Malaria was commonly avoided by prophylactic treatments with quinine. Larger doses could be given to those known to be infected. Quinine came from the bark of a South American shrub that came to be grown on commercial plantations in the South Pacific. The Japanese occupied these plantations early in the war, and substitutes for it were less effective.
In 1939, Paul Hermann Muller discovered that dichlorodiphenyltrichloroethane (DDT) effectively killed insects.. In 1943 tests showed it to be effective against the mosquitoes that carried malaria, and the US Military started using it. At first they used hand pumps that pressurized a canister…
View original post 435 more words
The Museum of the American Military Family& Learning Center has partnered with One Community Auto to promote vehicle donations that will provide additional funding for the Museum’s mission of preserving military family history.
Most “vehicles” qualify: cars, trucks, motorcycles, farm equipment, etc.
Donating a vehicle to help the Museum is easy, and costs you nothing. We accept donations from anywhere in the nation (ALL 50 states). Just call 505- 901-9510 or fill out the online form below. We provide pickup at your location, handle all the title work, and provide you a receipt. It is very simple.
It’s a lovely way to help the Museum of the American Military Family & Learning Center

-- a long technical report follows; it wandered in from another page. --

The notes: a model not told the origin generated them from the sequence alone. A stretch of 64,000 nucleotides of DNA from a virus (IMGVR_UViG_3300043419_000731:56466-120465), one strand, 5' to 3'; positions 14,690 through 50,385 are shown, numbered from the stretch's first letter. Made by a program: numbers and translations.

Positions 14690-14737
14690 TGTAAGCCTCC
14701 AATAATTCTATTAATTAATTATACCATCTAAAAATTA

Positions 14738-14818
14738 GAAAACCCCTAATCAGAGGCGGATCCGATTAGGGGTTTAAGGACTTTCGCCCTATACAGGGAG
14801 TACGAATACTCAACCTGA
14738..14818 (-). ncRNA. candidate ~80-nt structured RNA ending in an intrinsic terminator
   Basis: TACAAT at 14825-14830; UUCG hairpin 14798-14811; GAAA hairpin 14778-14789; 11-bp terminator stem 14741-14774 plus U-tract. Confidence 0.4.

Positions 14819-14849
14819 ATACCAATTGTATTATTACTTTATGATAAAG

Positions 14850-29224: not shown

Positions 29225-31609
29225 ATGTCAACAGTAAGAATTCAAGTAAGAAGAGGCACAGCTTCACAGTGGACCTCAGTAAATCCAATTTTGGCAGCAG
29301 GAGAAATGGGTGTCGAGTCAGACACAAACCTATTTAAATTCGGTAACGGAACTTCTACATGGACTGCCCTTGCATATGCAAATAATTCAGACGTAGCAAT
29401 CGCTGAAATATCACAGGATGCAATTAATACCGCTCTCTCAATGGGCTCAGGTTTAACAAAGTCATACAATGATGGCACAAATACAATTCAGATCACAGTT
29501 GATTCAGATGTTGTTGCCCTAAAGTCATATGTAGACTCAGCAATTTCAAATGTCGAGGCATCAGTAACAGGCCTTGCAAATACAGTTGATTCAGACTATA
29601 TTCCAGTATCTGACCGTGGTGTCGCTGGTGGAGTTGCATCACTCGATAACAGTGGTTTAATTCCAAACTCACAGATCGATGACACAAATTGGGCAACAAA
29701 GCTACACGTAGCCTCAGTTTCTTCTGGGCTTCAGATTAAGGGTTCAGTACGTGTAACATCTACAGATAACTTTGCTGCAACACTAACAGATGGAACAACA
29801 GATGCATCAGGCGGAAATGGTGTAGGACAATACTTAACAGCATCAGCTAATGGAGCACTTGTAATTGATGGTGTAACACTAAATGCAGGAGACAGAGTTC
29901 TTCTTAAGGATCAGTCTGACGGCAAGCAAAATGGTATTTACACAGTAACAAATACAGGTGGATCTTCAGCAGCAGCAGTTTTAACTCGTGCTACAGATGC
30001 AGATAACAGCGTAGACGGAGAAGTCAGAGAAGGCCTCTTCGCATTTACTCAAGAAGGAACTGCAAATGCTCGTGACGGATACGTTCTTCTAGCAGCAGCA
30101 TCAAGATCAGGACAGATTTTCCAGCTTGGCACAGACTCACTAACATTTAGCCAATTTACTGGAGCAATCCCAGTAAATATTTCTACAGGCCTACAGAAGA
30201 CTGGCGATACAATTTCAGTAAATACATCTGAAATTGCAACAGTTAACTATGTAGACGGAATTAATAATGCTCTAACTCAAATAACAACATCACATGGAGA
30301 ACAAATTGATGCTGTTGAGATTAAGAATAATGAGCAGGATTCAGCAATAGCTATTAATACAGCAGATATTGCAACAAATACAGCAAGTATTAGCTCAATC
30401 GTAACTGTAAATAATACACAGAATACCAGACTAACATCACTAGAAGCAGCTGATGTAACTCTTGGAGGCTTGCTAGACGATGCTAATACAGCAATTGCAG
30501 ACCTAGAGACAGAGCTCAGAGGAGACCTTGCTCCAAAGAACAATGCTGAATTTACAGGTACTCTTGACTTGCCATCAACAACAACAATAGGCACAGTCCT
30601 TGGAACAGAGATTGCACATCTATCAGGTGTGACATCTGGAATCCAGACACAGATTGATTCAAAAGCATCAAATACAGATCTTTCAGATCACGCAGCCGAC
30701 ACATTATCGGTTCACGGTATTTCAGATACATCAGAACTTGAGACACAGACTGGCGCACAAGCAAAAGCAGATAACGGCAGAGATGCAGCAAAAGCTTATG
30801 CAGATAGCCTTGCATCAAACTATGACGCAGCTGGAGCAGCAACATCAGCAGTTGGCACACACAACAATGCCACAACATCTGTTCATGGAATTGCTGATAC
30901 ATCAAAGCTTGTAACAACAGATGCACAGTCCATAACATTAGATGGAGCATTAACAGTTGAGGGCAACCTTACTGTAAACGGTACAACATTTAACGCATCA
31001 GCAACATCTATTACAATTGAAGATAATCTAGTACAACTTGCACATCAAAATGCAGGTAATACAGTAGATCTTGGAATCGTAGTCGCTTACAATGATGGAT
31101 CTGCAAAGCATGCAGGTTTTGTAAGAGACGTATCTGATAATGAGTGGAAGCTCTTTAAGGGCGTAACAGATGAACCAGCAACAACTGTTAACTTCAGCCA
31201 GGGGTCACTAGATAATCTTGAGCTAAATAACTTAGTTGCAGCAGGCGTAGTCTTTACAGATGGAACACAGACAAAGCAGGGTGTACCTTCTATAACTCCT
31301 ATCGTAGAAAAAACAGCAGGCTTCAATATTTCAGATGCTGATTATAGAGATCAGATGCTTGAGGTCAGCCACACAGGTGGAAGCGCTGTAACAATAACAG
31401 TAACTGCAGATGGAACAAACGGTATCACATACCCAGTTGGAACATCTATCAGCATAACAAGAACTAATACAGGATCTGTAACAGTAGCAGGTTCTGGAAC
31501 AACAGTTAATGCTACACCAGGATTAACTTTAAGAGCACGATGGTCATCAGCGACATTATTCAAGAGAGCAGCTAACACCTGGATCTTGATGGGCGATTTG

The Kroger Co. Family of Stores is committed to bringing hope and help to local neighborhoods and organizations through their Inspiring Donations program. New Mexico’s Smith’s Food & Drug participates to give customers the opportunity to donate to local causes.
When you to link your Rewards card to the Museum of the American Military Family (Organization IA946), Smith’s Food & Drug donates .5% of every eligible purchase. The more you shop, the more money the museum will earn!
If you have any questions, please email SmithsInspiringDonations@sfdc.com or visit their website at http://www.smithsfoodanddrug.com/inspire .
Here’s how it works:
1. Create a digital account.
A digital account is needed to participate in Smith’s Inspiring Donations. If you already have a digital account, simply link your Shopper’s Card to your account so that all transactions apply toward the organization you choose.
2. Link your Card to an organization. The Museum of the American Military Family is IA946
Select the organization that you wish to support. Here’s how:
3. The museum earns. (Thank you!)
Note, if you are a customer, make sure you have a preferred store selected to view participating organizations. Any transactions moving forward using the Shopper’s Card number associated with your digital account will be applied to the program, at no added cost to you. This is a very easy way to support the Museum of the American Military Family.